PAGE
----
PHILIPSBURG–A fifteen-year-old student was sentenced to a conditional sentence of fifteen days of juvenile youth detention, on two years’ probation, and eighty hours of community service for participation in school-related violence. The juvenile was tried during a public hearing at the Court of First Instance on Wednesday. The penalties for getting involved in school fights range from community service to jail time.
Normally, Court hearings of juveniles below the age of 17 years old are held behind closed doors, but the Prosecutor requested an open-door hearing in this particular case, as the Prosecutor’s Office wants not only the judicial authorities, but also parents, schools and the community at large to be involved in combating school violence.
The Judge said he understood the Prosecutor’s Office’s need for a public debate about school violence, but also understood defence lawyer Sjamira Roseburg’s concerns about her client’s privacy. On condition of safeguarding the suspect’s anonymity, the Judge allowed the public and the media in the Courtroom to witness the case.
On September 30, the St. Maarten Police Force KPSM and the Prosecutor’s Office formed a taskforce to bring stakeholders together to collectively reduce the number of school fights among St. Maarten’s youth. The taskforce consists of community police officers, police management team and Juvenile Department personnel, as well as Prosecutor’s Office staff.
The taskforce seeks to inform and educate parents and the general public on their roles and responsibilities when it comes to school fights; to conduct result-oriented visits to schools; and to meet with government institutions to stimulate a multidisciplinary preventive approach.
According to the Prosecutor, the schools in the St. Peters area have to deal with an increasing number of aggressive and violent school fights. The suspect in Wednesday’s case was charged with mistreatment and possession of an illegal weapon, presumable a knife or another sharp object, during a fight at a gas station on L.B. Scot Road on September 27. He was part of a group of boys in school uniforms who attacked a father who had wanted to pick up his son from school.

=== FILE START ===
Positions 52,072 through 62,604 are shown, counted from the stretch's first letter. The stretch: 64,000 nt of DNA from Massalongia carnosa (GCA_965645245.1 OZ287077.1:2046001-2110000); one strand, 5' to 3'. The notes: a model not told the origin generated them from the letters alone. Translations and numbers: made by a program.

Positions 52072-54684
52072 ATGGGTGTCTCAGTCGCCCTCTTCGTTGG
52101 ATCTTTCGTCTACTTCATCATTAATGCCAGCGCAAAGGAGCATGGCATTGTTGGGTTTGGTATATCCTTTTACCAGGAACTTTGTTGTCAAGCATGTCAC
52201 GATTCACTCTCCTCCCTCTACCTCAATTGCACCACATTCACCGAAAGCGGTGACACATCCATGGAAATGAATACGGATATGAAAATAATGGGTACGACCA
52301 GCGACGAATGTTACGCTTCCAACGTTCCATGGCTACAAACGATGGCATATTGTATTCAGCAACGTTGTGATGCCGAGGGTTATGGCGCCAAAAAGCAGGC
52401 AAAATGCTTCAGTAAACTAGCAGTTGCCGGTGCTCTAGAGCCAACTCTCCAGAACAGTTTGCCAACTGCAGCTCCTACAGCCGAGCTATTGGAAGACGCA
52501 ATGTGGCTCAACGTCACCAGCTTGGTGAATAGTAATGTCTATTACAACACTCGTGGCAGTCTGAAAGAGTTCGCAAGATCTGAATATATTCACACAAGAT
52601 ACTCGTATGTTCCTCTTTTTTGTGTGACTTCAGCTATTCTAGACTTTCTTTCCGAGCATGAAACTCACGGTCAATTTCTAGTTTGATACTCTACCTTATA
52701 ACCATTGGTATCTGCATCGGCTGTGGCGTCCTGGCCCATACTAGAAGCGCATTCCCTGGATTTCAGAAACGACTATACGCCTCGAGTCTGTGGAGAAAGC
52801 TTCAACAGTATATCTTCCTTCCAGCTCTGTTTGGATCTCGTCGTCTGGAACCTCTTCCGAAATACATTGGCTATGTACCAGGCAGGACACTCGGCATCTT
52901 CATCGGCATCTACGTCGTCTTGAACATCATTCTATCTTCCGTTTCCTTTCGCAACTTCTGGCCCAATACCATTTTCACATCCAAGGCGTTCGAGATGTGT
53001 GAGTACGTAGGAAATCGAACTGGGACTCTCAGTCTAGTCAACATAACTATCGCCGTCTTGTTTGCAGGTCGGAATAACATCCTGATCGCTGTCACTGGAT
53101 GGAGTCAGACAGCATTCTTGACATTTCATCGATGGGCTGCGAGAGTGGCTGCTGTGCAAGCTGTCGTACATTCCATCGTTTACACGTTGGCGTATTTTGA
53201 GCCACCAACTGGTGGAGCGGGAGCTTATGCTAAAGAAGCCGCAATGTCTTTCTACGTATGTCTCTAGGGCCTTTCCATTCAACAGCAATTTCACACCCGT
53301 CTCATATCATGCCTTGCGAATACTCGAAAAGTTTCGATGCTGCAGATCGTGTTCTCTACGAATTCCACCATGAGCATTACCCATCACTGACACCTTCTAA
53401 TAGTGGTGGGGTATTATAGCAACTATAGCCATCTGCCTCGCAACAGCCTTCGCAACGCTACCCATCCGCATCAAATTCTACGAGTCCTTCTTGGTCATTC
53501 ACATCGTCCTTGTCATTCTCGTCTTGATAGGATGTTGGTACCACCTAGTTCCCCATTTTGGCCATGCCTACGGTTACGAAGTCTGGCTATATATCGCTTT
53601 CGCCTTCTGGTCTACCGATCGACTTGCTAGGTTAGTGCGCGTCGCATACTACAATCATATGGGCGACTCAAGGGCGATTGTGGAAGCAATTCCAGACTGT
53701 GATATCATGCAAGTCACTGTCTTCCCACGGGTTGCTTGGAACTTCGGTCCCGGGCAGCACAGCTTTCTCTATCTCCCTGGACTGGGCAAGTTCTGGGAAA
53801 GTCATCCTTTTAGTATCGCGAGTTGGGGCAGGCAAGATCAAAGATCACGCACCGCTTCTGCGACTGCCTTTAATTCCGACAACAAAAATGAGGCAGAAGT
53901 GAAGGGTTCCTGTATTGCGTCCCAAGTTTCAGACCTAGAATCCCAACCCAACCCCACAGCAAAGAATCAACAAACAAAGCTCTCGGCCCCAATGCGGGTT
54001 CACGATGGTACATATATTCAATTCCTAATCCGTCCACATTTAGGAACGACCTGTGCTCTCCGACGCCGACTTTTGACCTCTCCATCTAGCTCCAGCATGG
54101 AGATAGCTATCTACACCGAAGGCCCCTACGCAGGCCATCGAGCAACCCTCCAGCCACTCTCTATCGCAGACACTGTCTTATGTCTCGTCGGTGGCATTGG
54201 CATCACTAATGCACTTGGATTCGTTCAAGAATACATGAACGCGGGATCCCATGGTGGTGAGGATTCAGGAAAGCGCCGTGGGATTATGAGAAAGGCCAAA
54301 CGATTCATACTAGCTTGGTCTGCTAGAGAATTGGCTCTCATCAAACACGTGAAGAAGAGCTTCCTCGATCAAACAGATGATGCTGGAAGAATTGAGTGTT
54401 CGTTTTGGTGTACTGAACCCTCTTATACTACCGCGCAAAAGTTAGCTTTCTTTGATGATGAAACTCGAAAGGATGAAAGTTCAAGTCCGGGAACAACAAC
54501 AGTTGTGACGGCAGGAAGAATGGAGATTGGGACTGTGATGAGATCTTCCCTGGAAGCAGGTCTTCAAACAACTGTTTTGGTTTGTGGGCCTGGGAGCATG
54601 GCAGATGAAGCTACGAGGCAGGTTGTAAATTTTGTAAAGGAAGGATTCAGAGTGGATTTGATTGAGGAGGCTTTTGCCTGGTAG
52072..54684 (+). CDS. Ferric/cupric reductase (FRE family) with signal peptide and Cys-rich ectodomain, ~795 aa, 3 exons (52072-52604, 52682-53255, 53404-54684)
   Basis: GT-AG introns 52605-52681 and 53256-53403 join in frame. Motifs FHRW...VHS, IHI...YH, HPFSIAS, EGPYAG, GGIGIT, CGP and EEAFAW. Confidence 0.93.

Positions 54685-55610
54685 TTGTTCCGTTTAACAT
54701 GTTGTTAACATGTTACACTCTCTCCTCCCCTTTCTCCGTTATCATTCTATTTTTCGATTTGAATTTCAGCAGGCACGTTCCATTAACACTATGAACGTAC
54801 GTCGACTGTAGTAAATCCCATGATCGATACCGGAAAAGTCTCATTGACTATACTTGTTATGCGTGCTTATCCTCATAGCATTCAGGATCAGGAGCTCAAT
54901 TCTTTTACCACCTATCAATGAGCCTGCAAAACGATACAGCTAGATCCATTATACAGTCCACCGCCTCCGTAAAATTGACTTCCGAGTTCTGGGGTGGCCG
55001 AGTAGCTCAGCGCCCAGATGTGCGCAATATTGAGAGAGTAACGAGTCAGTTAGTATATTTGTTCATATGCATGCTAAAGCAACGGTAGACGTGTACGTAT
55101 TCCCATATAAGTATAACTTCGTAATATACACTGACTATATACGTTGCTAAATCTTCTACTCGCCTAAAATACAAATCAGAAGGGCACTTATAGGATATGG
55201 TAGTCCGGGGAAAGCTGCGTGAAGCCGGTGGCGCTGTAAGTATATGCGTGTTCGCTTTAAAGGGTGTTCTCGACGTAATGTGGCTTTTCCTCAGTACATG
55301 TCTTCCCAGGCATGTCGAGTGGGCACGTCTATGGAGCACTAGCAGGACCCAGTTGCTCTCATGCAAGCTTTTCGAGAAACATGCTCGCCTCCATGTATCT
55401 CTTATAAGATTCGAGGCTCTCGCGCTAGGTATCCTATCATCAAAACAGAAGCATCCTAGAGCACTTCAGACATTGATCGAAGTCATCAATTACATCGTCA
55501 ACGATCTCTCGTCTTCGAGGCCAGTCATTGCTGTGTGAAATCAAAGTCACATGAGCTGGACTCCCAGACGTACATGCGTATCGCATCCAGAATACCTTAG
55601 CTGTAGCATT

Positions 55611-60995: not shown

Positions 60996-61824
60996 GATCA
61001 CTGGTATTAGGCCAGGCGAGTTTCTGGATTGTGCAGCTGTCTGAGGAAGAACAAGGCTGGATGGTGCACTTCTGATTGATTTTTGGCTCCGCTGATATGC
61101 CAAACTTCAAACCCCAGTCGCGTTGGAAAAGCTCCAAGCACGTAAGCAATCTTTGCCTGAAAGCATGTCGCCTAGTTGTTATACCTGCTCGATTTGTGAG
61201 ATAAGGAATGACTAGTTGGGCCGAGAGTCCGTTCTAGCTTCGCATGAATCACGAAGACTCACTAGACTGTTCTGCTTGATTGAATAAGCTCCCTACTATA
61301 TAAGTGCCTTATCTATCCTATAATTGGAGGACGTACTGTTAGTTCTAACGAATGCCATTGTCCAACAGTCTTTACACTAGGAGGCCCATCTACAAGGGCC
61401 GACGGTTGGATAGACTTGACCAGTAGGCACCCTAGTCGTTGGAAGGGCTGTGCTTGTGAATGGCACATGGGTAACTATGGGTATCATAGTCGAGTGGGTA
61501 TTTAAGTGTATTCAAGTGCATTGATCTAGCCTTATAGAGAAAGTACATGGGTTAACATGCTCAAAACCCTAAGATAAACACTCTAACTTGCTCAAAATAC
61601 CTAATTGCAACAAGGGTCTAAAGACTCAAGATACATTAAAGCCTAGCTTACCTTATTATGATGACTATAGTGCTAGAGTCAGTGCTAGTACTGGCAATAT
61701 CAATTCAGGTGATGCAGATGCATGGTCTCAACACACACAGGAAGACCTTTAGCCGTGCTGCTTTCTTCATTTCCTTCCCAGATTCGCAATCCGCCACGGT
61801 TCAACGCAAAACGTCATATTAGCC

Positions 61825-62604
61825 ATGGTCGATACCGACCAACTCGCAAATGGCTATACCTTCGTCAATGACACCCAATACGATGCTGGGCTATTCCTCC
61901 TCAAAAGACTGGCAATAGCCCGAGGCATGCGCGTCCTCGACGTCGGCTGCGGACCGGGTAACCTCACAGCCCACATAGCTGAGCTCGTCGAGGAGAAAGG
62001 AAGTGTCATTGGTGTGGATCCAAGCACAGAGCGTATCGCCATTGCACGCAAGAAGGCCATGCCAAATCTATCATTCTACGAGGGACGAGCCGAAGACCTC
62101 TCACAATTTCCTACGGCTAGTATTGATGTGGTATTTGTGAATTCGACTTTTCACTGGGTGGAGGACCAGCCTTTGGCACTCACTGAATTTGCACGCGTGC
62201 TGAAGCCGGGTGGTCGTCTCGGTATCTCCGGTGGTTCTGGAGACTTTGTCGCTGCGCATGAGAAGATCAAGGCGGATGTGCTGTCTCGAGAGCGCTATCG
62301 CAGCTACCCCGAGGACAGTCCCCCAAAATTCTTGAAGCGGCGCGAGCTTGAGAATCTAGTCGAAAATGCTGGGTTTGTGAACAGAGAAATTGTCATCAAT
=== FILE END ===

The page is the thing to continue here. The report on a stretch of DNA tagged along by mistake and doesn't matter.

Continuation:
The victim, a minister of the Pentecostal Church who said he teaches his son not to respond to aggression with violence but seek help from responsible adults, was attacked twice when he tried to separate his son and another juvenile who were fighting.
The suspect initially denied that he had been the aggressor in this case, but images obtained from the gas station’s video-surveillance cameras told a different story. The young defendant, who told the Court that he wants to become a mechanic, eventually admitted that he had hit the man twice outside and inside the gas station, urged on by a group of boys.
He offered his apologies to the victim, who made a statement in Court during which he said he had to run for his life and had to seek medical treatment.
The pastor accepted his young foe’s apologies and wished him “well in the future” and said he hoped he “does not get involved with the wrong persons.” At the end of the proceedings he invited the young man to visit his church.
The Prosecutor considered the case proven and said that violence in the St. Peters school district is a great concern. “There is a lot of peer pressure among younger children against the background of social media. This is a community problem which parents, schools and government should do something about. When the Prosecutor’s Office and the Court intervene it is already too late.”
Among measures to curb school violence are the recent reopening of the Miss Lalie Youth Care and Rehabilitation Centre, where the defendant spent 15 days in pre-trial detention, as well as an adapted school-bus system and plans to strengthen the Court of Guardianship.
Attorney Roseburg said she was also concerned about school violence and said her client had been the victim of peer pressure.
In the verdict, the Judge said the defendant had played an “important role” in the group of “aggressive kids” who had turned against a father who had wanted to pick up his child.
He said the use of violence is against the law. “You should have kept your hands off others and you are punishable for that,” he told the young suspect, warning him that should he have been an adult he would have received a lengthy prison sentence. DAILY HERALD SOURCE